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Sunday, September 22, 2013

Strategies: With a Tweet, Twitter Starts a Debate

With a Tweet, Twitter Starts a Debate

“LISTEN, do you want to know a secret? Do you promise not to tell?”

The Beatles put those coy words on vinyl half a century ago. When the song “Do You Want to Know a Secret” went to the top of the charts, any intimate secrets it may have contained were shared with millions of people, but no one seemed to care. It was a charming love song.

Now Twitter is showing that an updated version of the old Beatles playbook can be an effective P.R. strategy, at least for a while. While the company has come under some criticism for being coy, it has managed to spread the news of its initial public offering of stock without revealing much about its plans or its finances. In the process, it has become the most prominent example of a company making use of bipartisan legislation enacted during the 2012 presidential campaign season with promises that it would spur job creation by small businesses.

“We’ve confidentially submitted an S-1 to the S.E.C. for a planned I.P.O.,” Twitter declared publicly on Sept. 12 in a not-so-secret message sent on its own network. And it added some boilerplate: “This Tweet does not constitute an offer of any securities for sale.”

The news of the paradoxically secret I.P.O. went viral.

The company has made no other public comments about the offering, although it has reportedly engaged Goldman Sachs to serve as an underwriter. Except for that one tweet, Twitter has taken advantage of the cone of silence offered by the “Jumpstart Our Business Start-ups Act,” commonly known as the JOBS Act, the 2012 law that also takes innovative approaches to small-business issues other than I.P.O.’s.

The law, for example, includes provisions intended to encourage the crowdfunding of small businesses. And starting this week, it is scheduled to allow hedge funds to advertise to the general public for the first time. But regulations for many of its provisions are not yet in place. The I.P.O.’s nondisclosure provision is the most widely used part of the law so far.

It became law on April 12, 2012, in the middle of a tight presidential campaign that often revolved around the state of the economy and a glaring shortage of jobs. President Obama signed the bill with the explicit promise that it would henceforth be easier for many companies to go public. “That’s a big deal because going public is a major step towards expanding and hiring more workers,” Mr. Obama said during a signing ceremony in the Rose Garden. The bill would be “a game changer,” he said.

“It’s a big deal for investors as well,” he added, “because public companies operate with greater oversight and greater transparency.”

In the initial stages of going public, though, many companies have been using the JOBS Act to limit transparency. That’s because the law allows what it terms emerging growth companies to file an I.P.O. without publicly disclosing details about the business. That’s the provision Twitter used. It defines emerging growth companies as those with annual revenue of less than $1 billion, which is a very broad interpretation.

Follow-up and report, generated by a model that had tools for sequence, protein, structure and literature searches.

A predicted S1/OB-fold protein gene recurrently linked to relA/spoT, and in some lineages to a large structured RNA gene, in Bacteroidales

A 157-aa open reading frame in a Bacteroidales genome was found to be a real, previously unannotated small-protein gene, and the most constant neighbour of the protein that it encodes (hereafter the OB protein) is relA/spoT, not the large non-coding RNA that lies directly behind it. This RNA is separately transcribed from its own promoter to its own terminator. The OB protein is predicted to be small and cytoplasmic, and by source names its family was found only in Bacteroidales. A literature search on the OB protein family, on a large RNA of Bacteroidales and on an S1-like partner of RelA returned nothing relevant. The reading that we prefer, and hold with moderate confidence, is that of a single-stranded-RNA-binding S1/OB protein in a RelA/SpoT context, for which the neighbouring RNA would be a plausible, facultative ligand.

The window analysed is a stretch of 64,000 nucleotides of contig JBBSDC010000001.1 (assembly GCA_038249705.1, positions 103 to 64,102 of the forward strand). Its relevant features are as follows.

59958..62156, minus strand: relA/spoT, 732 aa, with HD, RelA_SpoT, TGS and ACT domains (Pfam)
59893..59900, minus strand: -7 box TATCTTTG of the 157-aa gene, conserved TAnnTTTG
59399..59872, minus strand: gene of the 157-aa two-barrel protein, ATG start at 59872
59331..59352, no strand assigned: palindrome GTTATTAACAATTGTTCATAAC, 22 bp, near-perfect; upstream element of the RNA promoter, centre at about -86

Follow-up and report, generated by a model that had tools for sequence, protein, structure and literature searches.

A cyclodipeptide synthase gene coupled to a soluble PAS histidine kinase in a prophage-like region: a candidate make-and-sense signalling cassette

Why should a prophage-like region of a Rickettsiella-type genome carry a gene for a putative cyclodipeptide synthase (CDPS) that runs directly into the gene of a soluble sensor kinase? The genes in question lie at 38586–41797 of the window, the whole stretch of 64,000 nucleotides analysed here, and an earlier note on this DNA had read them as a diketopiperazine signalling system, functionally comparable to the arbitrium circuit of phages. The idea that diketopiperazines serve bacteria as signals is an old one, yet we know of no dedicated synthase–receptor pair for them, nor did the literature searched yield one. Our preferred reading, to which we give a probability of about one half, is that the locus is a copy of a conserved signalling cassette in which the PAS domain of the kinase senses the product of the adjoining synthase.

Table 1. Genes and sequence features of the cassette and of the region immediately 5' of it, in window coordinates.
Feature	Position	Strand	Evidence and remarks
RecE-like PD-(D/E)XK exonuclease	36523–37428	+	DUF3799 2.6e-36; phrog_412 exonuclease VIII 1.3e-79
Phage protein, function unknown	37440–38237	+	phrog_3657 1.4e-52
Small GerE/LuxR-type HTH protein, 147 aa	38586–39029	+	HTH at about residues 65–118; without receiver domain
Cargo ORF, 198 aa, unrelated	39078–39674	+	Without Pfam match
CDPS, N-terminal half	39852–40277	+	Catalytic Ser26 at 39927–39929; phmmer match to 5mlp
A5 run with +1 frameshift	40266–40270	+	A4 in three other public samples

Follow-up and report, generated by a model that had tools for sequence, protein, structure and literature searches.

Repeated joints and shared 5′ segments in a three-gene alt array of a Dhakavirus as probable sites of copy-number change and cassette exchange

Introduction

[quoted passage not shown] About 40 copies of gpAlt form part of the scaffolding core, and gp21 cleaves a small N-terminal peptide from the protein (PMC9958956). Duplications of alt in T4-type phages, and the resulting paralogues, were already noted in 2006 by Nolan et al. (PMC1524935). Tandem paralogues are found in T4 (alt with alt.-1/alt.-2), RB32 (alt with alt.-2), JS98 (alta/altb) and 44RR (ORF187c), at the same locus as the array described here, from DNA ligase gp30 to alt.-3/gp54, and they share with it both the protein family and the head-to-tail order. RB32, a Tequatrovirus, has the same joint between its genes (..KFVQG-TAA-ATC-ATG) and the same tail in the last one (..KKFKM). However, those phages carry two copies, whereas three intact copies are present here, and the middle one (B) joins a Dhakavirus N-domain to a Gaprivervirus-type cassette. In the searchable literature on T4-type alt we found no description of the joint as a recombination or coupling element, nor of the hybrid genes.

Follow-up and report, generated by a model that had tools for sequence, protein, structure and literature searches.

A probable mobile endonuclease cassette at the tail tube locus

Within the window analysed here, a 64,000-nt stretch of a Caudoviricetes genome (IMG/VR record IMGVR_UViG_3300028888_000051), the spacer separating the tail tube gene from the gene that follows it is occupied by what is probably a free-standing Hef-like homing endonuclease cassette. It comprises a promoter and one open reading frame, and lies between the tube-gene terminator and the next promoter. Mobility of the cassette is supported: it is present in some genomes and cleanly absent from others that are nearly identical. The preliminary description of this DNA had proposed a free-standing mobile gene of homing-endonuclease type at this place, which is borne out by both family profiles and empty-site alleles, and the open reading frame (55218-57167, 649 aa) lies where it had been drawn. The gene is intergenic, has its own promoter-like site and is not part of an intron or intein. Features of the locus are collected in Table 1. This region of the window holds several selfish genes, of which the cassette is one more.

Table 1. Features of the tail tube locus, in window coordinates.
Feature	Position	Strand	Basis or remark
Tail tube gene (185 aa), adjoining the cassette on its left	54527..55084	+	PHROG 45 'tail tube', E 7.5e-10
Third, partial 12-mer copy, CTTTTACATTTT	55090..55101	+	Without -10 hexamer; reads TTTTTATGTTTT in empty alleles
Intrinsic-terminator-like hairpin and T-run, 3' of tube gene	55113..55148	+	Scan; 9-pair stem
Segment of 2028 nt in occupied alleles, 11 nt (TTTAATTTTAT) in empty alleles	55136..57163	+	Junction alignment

As of April, on the law’s first anniversary, 63 percent of all companies filling I.P.O.’s during the new law’s life used the confidentiality provision, according to a survey by Ernst & Young. Nearly all companies that have had I.P.O.’s in the last 30 years would have been able to use the provision, had it been in place.

From 1980 to 2012, 94 percent of American companies that have gone public had revenue of under $1 billion when they filed for I.P.O.’s, according to data compiled by Jay Ritter, a University of Florida professor who is a leading expert on initial offerings. “Under that criterion, most I.P.O. companies would be classified as ‘emerging growth companies’ worthy of special help,” said Professor Ritter, who opposed the enactment of the JOBS Act.

THIS part of the legislation was intended to protect tender entrepreneurial firms from prying eyes that might deter them from going public and growing to maturity, said Kate Mitchell, a former chairwoman of the private I.P.O. Task Force, which played a role in the formulation of the legislation. She is also a former chairwoman of the National Venture Capital Association, which lobbied heavily for the measure. “For better and for worse, I helped draft that bill,” she said in an interview.

Under the nondisclosure provision, the financial secrets must eventually be revealed. Companies that offer shares to the public must make an open I.P.O. filing to the Securities and Exchange Commission â€" typically, 21 days before they begin a public-relations campaign to drum up support for their impending offering â€" that will be visible to all investors before they buy shares. Ms. Mitchell said the law was intended to help small, struggling companies expand and have an easier “on-ramp” to an offering.

A version of this article appears in print on September 22, 2013, on page BU1 of the New York edition with the headline: With a Tweet, Twitter Starts a Debate.